The Washington PostDemocracy Dies in Darkness

Tensions rise in Washington Football Team ownership breakup, unsealed court filings show

Washington Football Team owner Daniel Snyder, left, and part-owners Dwight Schar, center, and Robert Rothman stand on the sideline before a playoff game in January 2016. (John McDonnell/The Washington Post)

Seven months after the minority owners of the Washington Football Team informed majority owner Daniel Snyder they intended to sell their collective 40 percent stake, tensions continue to escalate over terms of the breakup.

On Friday, the three minority shareholders — FedEx chief executive Frederick W. Smith, real estate magnate Dwight Schar and investor Robert Rothman — asked a federal judge to sanction Snyder, the team’s primary owner, for violating a Nov. 19 court order barring all parties from leaking information about negotiations, disparaging one another or otherwise interfering with the process.

Washington Football Team spokeswoman Julie A. Jensen did not respond to requests for comment.

Also Friday, the court made public a raft of legal filings in the co-owners’ Nov. 13 lawsuit against Snyder — some heavily redacted to obscure privileged business information — that shed light on a highly contentious process that previously had unfolded out of the public eye.

After The Washington Post sought access to the court filings, which were under seal and not open to the public, U.S. District Judge Peter J. Messitte agreed to unseal a significant portion of the record.

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Tensions between Snyder and his co-owners began to rise soon after they informed him, via a May 14 letter, that they had hired Baltimore-based investor John A. Moag to handle the sale.

Among the documents made public Friday is a June 1 letter from David L. Koche, a lawyer for the minority owners, to Snyder adviser Norman Chirite, noting that Snyder could avoid “a lengthy and expensive due diligence process” by outside accountants if he bought the co-owners’ shares himself or led the effort.

According to a person familiar with the situation, Snyder threw the minority owners off the team’s board sometime in June and denied them access to its financial statements.

Facing an impasse, the co-owners filed a formal grievance against Snyder with the NFL, as is standard procedure under the league’s bylaws for resolving major conflicts. NFL Commissioner Roger Goodell appointed an arbitrator to settle the dispute.

Meanwhile, Moag sought prospective buyers and this fall identified a California-based trio interested in his clients’ 40 percent stake for a discounted price of $900 million.

After Snyder attempted to block the transaction by asserting a selective right of refusal — offering to buy the 25 percent held by Smith and Rothman but not the 15 percent owned by Schar — the co-owners sued him in U.S. District Court in Maryland on Nov. 13, asking a federal judge to force Snyder to let the sale proceed. The suit was filed under seal to keep details about the dispute and the team’s finances private.

Friday’s release of various court documents, in response to The Post’s intervention, shed light on efforts to resolve the dispute.

In a Nov. 19 court order, Messitte put the NFL’s ongoing arbitration proceedings on pause, temporarily enjoining Snyder and the NFL from going forward with arbitration of any issues currently being litigated.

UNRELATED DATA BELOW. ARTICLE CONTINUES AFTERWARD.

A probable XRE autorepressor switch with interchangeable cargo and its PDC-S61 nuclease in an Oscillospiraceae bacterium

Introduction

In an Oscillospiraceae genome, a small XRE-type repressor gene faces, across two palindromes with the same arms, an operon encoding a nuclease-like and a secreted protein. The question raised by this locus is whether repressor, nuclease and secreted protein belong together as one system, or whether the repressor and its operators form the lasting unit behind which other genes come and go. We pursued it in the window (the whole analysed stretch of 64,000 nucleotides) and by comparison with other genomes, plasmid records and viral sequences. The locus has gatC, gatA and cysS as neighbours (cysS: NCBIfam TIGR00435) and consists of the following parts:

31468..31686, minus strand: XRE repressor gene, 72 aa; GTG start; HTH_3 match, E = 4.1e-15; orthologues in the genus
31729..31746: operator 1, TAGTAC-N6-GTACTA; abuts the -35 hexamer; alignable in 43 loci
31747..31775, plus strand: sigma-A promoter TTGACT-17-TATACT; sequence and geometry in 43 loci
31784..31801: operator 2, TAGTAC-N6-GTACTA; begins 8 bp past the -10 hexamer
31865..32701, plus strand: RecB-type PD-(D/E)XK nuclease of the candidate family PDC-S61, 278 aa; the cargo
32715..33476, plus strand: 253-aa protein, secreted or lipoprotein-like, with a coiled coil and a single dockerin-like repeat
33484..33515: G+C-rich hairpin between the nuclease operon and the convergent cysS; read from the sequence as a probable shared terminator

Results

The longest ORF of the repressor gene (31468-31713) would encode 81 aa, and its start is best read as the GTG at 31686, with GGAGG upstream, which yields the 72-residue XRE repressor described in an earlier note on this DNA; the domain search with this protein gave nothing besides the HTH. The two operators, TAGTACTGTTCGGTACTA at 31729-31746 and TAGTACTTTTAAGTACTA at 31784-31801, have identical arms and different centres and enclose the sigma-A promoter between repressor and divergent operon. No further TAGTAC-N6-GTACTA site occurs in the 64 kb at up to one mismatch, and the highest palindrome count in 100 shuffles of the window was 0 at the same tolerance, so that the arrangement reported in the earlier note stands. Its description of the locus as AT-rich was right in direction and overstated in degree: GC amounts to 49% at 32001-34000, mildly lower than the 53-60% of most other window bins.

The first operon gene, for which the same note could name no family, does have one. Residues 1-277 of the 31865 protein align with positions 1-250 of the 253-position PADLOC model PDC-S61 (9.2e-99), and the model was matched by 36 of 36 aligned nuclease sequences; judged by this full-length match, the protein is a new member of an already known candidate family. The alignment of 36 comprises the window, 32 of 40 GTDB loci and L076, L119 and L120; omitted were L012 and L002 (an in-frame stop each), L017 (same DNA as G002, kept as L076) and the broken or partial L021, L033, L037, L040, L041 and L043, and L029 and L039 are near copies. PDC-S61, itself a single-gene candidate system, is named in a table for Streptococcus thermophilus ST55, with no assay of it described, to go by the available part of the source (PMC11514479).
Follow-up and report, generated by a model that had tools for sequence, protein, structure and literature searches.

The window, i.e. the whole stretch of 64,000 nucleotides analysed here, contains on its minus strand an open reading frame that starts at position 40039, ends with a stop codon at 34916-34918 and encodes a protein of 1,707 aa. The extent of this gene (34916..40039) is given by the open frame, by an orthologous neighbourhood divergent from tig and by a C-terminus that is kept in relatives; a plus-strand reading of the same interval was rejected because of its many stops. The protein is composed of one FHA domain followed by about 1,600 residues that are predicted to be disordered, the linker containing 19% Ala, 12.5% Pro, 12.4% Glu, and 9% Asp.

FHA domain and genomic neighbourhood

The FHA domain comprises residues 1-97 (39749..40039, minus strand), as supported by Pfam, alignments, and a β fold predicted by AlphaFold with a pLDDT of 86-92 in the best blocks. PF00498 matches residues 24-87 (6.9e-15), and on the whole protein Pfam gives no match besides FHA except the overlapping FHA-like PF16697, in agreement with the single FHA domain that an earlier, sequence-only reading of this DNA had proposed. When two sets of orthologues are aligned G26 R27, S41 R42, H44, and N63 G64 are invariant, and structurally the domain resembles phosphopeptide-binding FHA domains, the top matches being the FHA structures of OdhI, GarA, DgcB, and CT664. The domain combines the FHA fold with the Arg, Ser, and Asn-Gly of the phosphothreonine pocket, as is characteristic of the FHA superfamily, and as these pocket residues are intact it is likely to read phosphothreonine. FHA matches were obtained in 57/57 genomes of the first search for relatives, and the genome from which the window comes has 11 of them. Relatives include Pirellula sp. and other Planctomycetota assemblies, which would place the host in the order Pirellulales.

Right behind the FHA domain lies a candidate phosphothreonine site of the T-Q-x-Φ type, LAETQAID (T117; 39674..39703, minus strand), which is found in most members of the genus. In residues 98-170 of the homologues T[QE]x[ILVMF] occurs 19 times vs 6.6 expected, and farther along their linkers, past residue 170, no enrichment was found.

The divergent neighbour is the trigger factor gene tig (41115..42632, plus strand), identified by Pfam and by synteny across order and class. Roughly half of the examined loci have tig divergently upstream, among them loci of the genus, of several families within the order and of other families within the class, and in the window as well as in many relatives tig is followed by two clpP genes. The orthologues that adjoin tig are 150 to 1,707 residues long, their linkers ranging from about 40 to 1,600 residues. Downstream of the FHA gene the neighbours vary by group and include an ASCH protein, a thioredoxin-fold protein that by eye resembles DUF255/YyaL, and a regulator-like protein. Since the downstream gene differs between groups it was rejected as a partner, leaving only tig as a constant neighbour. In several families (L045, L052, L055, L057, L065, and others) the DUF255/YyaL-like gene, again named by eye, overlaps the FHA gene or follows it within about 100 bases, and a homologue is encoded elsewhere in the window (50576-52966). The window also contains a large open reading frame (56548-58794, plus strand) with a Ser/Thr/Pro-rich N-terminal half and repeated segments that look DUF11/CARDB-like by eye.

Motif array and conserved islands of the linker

Other filings reveal acrimony between the parties.

In one, Snyder’s lawyers included a screenshot of a threatening text sent to Snyder by Moag, the financial consultant hired by the minority owners, which alludes to the potential release of damaging information. Moag texted Snyder, in part: “If you continue your game, you know what I know and what I have never spoken about. And you know it has nothing to do about the media s--- …. it’s the more serious s---.

“If you want to get to a clean conclusion, let me know. If you want a s--- show, we are on for that too.”

Reached by phone Friday night, Moag confirmed the authenticity of the text but declined to answer any questions about the “serious s---” he referred to.

“Dan knows what it’s about. I’ll leave it at that,” said Moag, who declined to comment further.

Washington Football Team minority owners have a deal to sell, but Daniel Snyder is blocking it

In asking the judge to punish Snyder for violating the Nov. 19 court order against leaking information, Koche, the lawyer for the minority owners, submitted a sworn statement Friday in which he said he had been contacted by a New York Times reporter asking about a possible pending sale of the minority owners’ shares to Snyder. The minority owners’ motion asserts information regarding such negotiations could have come only from the Snyder side.

Koche further stated he had taken part in negotiations with a representative of Snyder about a possible sale but those talks had produced “no agreed deal, and not even a term sheet.”

Other court documents spell out the precise ownership breakdown of the Washington Football Team. Snyder, the principal owner, owns 40.459 percent. His sister, Michele, owns 12.552 percent, and his mother, Arlette, owns 6.489 percent.

Rothman and Schar each own 15.168 percent. Smith owns 10.163 percent.

The team is worth $3.5 billion, according to Forbes’s 2020 valuation. A 40 percent stake, at that market value, would be worth $1.4 billion. Those figures typically only hold when the team is sold in its entirety, according to industry experts; shares for minority ownerships in NFL franchises are worth less because they carry no authority in the team’s operations.

Court documents confirmed Snyder is the only member of the ownership group with voting rights.